Heart Rate: 145 156 152 bpm
Cadence: 70 99 84 rpm
Speed: 15.8 28.9 19.1 kph
Torque: 23.1 49 37.6 N-m

Peak 10min (319w):
Duration: 10:00
Work: 191 kJ
TSS: n/a
Norm Power: 320
Distance: 3.294 km
Min Max Avg
Power: 207 386 319 watts
Heart Rate: 137 156 150 bpm
Cadence: 70 103 86 rpm
Speed: 15.8 32.9 19.8 kph
Torque: 20 49 35.8 N-m

Peak 20min (300w):
Duration: 20:00
Work: 359 kJ
TSS: n/a
Norm Power: 306
Distance: 7.776 km
Min Max Avg
Power: 102 394 300 watts
Heart Rate: 136 156 149 bpm
Cadence: 70 105 87 rpm
Speed: 14.5 52 23.3 kph
Torque: 9.9 49 33.5 N-m

Peak 30min (287w):
Duration: 30:00
Work: 516 kJ
TSS: n/a
Norm Power: 297
Distance: 13.024 km
Min Max Avg
Power: 0 394 287 watts
Heart Rate: 122 156 147 bpm
Cadence: 66 119 87 rpm
Speed: 14.5 52 26 kph
Torque: 0 52.1 32 N-m

Peak 60min (262w):
Duration: 1:00:00
Work: 943 kJ
TSS: n/a
Norm Power: 275
Distance: 32.045 km
Min Max Avg
Power: 0 394 262 watts
Heart Rate: 119 160 144 bpm
Cadence: 45 119 90 rpm
Speed: 14.5 52 32 kph
Torque: 0 52.1 28.3 N-m

Run — did the plan. It was pretty toasty out there! The issue with the slow run was more bike fitness than run fitness related. Once I get my bike rolling, the run should move back into normal territory. Nearly even splits, however, we had a buildign tailwind and that helped the return pace. When old school with a mesh singlet — kept it cool and that made a big difference. Think that I'll stick with that in future races.



SWIM: 51:57 | BIKE: 4:58:23 | RUN: 2:56:36 | OVERALL: 8:51:23 | POSITION: 3

TOTAL SWIM: 2.4 mi. (51:57) | 1:22/100m | 15th

TOTAL BIKE: 112 mi. (4:58:23) | 22.52 mph | 9th

FIRST RUN SEGMENT: 13.1 mi. (1:27:29) | 6:40/mile
RUN FINISH: 13.1 mi. (1:29:07) | 6:48/mile
TOTAL RUN: 26.2 mi. (2:56:36) | 6:44/mile | 3rd

T2: BIKE-TO-RUN 2:52

The strongest man (and woman) won. The ten meter rule is great! Really makes the winner earn it. It's also easy for the officials to enforce.

Ten months to an 8:20 Ironman starts in November. Considering that I couldn't even run a half marathon last August, my body did great this year. I'm going to give it a big break.


20 August 2006

Maximising Athletic Performance

Hi All,

This is the start of my Good, Better, Best thoughts. They are flowing from a desire to expand my seminar thoughts -- an outline can be reached HERE.

What I am working towards is a "master" PowerPoint presentation that I can tailor to various audiences. It would take me all day to run through the current draft and I haven't typed up the PDF attachments for Key Workouts; Training/Racing with Power and Benchmarking.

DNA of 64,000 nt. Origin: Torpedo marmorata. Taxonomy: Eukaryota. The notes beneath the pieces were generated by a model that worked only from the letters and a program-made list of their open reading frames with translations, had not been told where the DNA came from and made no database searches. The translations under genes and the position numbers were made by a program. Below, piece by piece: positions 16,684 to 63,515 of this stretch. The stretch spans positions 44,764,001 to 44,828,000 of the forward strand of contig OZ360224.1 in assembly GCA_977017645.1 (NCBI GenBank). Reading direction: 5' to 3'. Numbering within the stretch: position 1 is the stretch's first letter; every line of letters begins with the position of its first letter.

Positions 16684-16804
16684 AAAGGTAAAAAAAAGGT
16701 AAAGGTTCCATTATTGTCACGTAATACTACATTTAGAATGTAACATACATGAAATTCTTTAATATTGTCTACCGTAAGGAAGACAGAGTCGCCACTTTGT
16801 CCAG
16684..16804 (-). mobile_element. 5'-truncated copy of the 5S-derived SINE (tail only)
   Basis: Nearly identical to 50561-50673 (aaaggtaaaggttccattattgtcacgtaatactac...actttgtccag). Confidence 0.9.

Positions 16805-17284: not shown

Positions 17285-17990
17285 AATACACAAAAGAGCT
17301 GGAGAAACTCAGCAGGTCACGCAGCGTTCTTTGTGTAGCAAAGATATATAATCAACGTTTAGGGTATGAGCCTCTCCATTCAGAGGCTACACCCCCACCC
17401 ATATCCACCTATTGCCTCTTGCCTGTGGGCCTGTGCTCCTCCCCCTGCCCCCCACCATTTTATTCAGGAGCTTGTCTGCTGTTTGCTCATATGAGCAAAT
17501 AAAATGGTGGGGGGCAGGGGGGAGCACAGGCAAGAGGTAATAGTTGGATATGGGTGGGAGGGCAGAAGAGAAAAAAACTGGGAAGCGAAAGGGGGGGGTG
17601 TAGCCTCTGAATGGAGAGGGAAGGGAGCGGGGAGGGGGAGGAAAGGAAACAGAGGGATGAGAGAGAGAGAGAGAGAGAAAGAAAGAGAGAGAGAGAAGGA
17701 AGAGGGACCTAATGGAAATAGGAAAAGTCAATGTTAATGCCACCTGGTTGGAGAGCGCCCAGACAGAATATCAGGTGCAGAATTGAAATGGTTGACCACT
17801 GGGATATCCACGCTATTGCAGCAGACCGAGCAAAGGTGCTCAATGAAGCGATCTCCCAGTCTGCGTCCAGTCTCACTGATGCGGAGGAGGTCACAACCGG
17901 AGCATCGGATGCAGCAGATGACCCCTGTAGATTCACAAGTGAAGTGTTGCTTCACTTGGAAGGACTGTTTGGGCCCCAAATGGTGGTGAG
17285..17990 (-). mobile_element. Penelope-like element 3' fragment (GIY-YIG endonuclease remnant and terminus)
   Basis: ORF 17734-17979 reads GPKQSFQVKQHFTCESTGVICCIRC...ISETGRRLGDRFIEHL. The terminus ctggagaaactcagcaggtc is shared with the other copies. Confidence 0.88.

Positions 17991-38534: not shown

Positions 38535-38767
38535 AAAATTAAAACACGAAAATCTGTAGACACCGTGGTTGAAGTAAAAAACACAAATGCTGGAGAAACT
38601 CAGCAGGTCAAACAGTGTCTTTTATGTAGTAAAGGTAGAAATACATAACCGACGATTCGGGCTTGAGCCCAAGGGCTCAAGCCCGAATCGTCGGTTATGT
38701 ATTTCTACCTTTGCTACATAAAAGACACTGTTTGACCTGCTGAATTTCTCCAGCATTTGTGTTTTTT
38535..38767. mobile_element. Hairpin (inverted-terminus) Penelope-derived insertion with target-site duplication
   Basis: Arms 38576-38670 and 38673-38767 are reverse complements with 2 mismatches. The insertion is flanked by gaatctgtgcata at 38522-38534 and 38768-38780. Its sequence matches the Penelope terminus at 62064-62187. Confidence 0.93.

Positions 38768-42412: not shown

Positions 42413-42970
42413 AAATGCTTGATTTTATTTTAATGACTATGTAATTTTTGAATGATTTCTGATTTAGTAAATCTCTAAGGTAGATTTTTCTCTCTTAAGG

If I come to your tri club then we'll run through the key topics that apply to working athletes. Due to time constraints the only places (over the next year) where you'll hear the Full Monty is my November 2006 Seminar as well as Epic Camp (assuming I'm chatty!).

There is nothing "new" here. I'm pulling thoughts together from what I've experienced over the last eight years.

If you happen to see a gap then shoot me a note.


Labels: ,

16 August 2006

Tri Talks

Hi Gang,

I'll be talking to the Seattle Tri Club on September 13th -- details on their website

My race schedule filling for 2007. If I happen to get close to your club and you'd like me to drop by for a chat then drop me a line and we'll see if we can make it happen.

Nov/Dec 2006 -- Noosa, QLD
Early Dec 2006 -- Sydney, NSW
Mid Feb 2007 -- Atlanta, GA
Mid March 2007 -- Las Vegas, NV
End March 2007 -- Lake Havasu City, AZ
April 2007 -- New Mexico
Early May 2007 -- Napa Valley, CA
Mid May 2007 -- St George, UT


13 August 2006

Summer Financial Reflections

I'll get to my Good, Better, Best post in a while. I've completed the outline and want to spend more time that usual putting my logic together to "make my case".


I've been mulling over a few things this year and watching the major economies -- from a distance, on a weekly basis through the Economist, FT and Wall Street Journal. I've also been reading a selection of research that some pals send over from time-to-time.

Interest rates -- globally, I've watched every central bank tighten throughout the year. This time last year there were some outstanding long term swap rates around -- oil prices, inflation fears, a more rational outlook and easing global expectations have made those disappear.

Housing -- despite rates moving up just about everywhere, prime housing is surprisingly robust. Within our portfolio (Prime Scottish Residential), we continue to see 10% per annum growth. The high end, in most places I go, is performing very well.

Inflation -- everyone talks about how we live in a low inflation environment. I simply don't see that. Now my life is quite a bit different that most folks -- my largest single expenditure is airfares. and -- following that -- rental accommodation. Step back from me, though...